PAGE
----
A framework will include:
Elements – The way we treat each other, how we will manage difficulties and conflict, health & safety
Consequences – Encouraging young people to recognise the logical effects on others through their actions, encourage taking responsibility of their own actions, building and maintaining a positive relationship
Rights and Responsibilities – Mutual respect, respect for property, self respect, fairness and honesty, care and consideration for others, self-discipline
Values – The right to be safe, the right to a fair hearing, the right to be heard, the right to be treated with respect, the right to be able to work, learn and play without unnecessary disruption
(Headings taken from ‘Let’s Beat Bullying’ by National Youth Council of Ireland)
Guidelines for working in partnership with parents/guardians and children/young people and families
Wherever possible we will work closely with parents/guardians/carers to help safeguard children and young people visiting the library in particular for a workshop/event. The first point of contact should be Julie Burke (Education & Outreach Officer and DLP) and if not available, Oisin Marsh (Library Visitor Service Supervisor and DDLP).
- Endeavour to involve family members who play a key role in the child’s life to form a positive relationship.
- Provide parents/guardians with full information on the event their child/young person is taking part in, including our declaration of guiding principles & anti-bullying agreement.
- Allow parents/guardians/carers to feel comfortable in informing us of any issues that the child/young person may have to form a better knowledge and understanding of the child. But at the same time ensuring that we respect their right to confidentiality and inform anyone of any issues on a need-to-know basis.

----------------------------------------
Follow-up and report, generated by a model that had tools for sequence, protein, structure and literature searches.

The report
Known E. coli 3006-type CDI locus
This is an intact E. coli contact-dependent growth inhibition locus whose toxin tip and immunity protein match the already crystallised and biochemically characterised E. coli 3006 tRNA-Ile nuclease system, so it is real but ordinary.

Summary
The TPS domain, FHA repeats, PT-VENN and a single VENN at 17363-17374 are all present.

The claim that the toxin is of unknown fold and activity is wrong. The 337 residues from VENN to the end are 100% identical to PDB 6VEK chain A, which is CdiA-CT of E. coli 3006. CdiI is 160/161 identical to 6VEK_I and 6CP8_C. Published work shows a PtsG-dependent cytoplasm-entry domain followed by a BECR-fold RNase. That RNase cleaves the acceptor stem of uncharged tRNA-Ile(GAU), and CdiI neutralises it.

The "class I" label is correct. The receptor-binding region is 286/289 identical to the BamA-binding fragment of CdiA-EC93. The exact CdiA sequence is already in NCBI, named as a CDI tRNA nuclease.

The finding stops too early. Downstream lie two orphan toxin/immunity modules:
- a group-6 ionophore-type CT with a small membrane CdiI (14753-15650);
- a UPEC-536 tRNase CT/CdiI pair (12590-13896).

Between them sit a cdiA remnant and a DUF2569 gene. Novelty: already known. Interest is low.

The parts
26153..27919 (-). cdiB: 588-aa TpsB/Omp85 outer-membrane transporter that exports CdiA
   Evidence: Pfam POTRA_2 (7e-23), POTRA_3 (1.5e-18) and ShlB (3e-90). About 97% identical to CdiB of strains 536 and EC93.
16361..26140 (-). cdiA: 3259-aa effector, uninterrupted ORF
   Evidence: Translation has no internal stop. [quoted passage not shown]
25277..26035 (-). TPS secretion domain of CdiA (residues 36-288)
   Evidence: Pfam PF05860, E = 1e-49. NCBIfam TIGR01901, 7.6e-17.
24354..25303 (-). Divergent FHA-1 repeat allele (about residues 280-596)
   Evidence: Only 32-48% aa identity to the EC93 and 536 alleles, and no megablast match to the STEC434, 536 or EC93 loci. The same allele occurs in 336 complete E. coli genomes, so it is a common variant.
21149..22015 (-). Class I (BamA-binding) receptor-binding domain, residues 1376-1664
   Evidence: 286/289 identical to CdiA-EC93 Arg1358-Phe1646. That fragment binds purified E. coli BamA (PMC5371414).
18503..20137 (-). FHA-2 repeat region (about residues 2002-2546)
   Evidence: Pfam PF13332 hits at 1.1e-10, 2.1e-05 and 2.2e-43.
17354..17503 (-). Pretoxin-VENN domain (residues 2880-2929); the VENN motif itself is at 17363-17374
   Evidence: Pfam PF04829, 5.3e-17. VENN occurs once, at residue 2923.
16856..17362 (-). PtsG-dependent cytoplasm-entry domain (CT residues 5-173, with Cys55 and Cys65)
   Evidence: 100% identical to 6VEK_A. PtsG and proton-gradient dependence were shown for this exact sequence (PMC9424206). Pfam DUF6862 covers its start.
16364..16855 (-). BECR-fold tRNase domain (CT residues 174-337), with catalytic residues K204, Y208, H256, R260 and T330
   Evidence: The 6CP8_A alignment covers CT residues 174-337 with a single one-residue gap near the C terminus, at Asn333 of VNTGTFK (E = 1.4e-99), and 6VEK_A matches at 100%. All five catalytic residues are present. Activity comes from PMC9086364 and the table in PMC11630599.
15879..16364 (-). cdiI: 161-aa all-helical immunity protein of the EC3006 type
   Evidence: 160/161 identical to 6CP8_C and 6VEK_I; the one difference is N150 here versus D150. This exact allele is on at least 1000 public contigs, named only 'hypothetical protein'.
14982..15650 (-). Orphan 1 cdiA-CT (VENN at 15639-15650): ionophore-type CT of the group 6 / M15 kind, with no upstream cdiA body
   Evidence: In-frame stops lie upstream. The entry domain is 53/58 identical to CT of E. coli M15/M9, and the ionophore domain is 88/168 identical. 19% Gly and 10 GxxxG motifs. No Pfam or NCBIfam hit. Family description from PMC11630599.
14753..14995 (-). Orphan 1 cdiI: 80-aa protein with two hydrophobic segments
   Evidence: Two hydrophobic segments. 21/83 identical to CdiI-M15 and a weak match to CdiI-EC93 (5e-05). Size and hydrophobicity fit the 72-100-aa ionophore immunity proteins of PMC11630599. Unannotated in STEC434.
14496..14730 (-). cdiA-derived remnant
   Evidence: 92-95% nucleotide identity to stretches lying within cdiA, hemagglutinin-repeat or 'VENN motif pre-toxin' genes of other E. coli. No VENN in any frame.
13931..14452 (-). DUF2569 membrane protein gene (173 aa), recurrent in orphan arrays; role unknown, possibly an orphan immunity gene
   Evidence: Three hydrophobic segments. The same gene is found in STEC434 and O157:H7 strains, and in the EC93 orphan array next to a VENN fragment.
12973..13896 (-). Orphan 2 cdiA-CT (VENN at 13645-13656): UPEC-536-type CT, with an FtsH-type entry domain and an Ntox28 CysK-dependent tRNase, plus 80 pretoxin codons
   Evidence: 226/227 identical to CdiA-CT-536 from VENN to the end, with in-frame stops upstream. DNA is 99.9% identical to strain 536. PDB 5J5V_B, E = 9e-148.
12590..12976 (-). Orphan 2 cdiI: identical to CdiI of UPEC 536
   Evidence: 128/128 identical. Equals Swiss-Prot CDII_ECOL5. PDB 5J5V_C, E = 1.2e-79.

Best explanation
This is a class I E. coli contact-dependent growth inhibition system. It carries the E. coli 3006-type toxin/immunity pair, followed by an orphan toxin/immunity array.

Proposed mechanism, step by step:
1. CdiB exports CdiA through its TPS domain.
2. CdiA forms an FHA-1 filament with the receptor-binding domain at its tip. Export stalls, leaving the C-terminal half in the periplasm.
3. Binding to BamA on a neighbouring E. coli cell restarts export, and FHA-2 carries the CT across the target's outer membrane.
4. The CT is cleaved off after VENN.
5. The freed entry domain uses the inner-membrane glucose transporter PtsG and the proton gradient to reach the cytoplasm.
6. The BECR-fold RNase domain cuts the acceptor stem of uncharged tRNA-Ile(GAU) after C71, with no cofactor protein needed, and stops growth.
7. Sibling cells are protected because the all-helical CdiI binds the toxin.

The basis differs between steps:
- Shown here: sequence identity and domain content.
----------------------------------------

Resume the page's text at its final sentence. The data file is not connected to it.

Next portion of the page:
- Foster an open door policy and be as informal as possible to form mutual trust & to reassure parents/guardians/carers that the welfare of their child/children is paramount.
- Make sure parents/guardians/carers know that they will be consulted/spoken to of any concern that may arise (NB Unless we feel that the child/young person is at risk of further harm).
- Give parents/guardians/carers an opportunity to respond to any concerns, or complaints if necessary.
- our guidelines for child safeguarding & welfare will be displayed in the shared staff area (i.e. kitchen) for staff, interns and volunteers with photos of the DLP and DDLP.
- these guidelines on the library website for teachers/leaders & parents/guardians/carers
- events and visiting school groups are displayed on a weekly calendar for all staff, interns and volunteers in the kitchen and electronically for permanent staff and interns with access to the calendar.
- other organisations of our guiding principles if working collaboratively and agree protocols
- children/young people whenever appropriate of their right to be protected, listened to and to have their views taken into consideration
- for appropriate information and be mindful of confidentiality
- for evidence that parents/guardians/carers have been informed of our guiding principles on consent forms
- for feedback to find out what was successful, could be improved upon or changed to inform future events/activities for children/young people
- A complaint given to any employee in relation to Child Protection will be directed to and managed by our DLP, and, in her absence, the Deputy DLP.
- All complaints should be put in writing.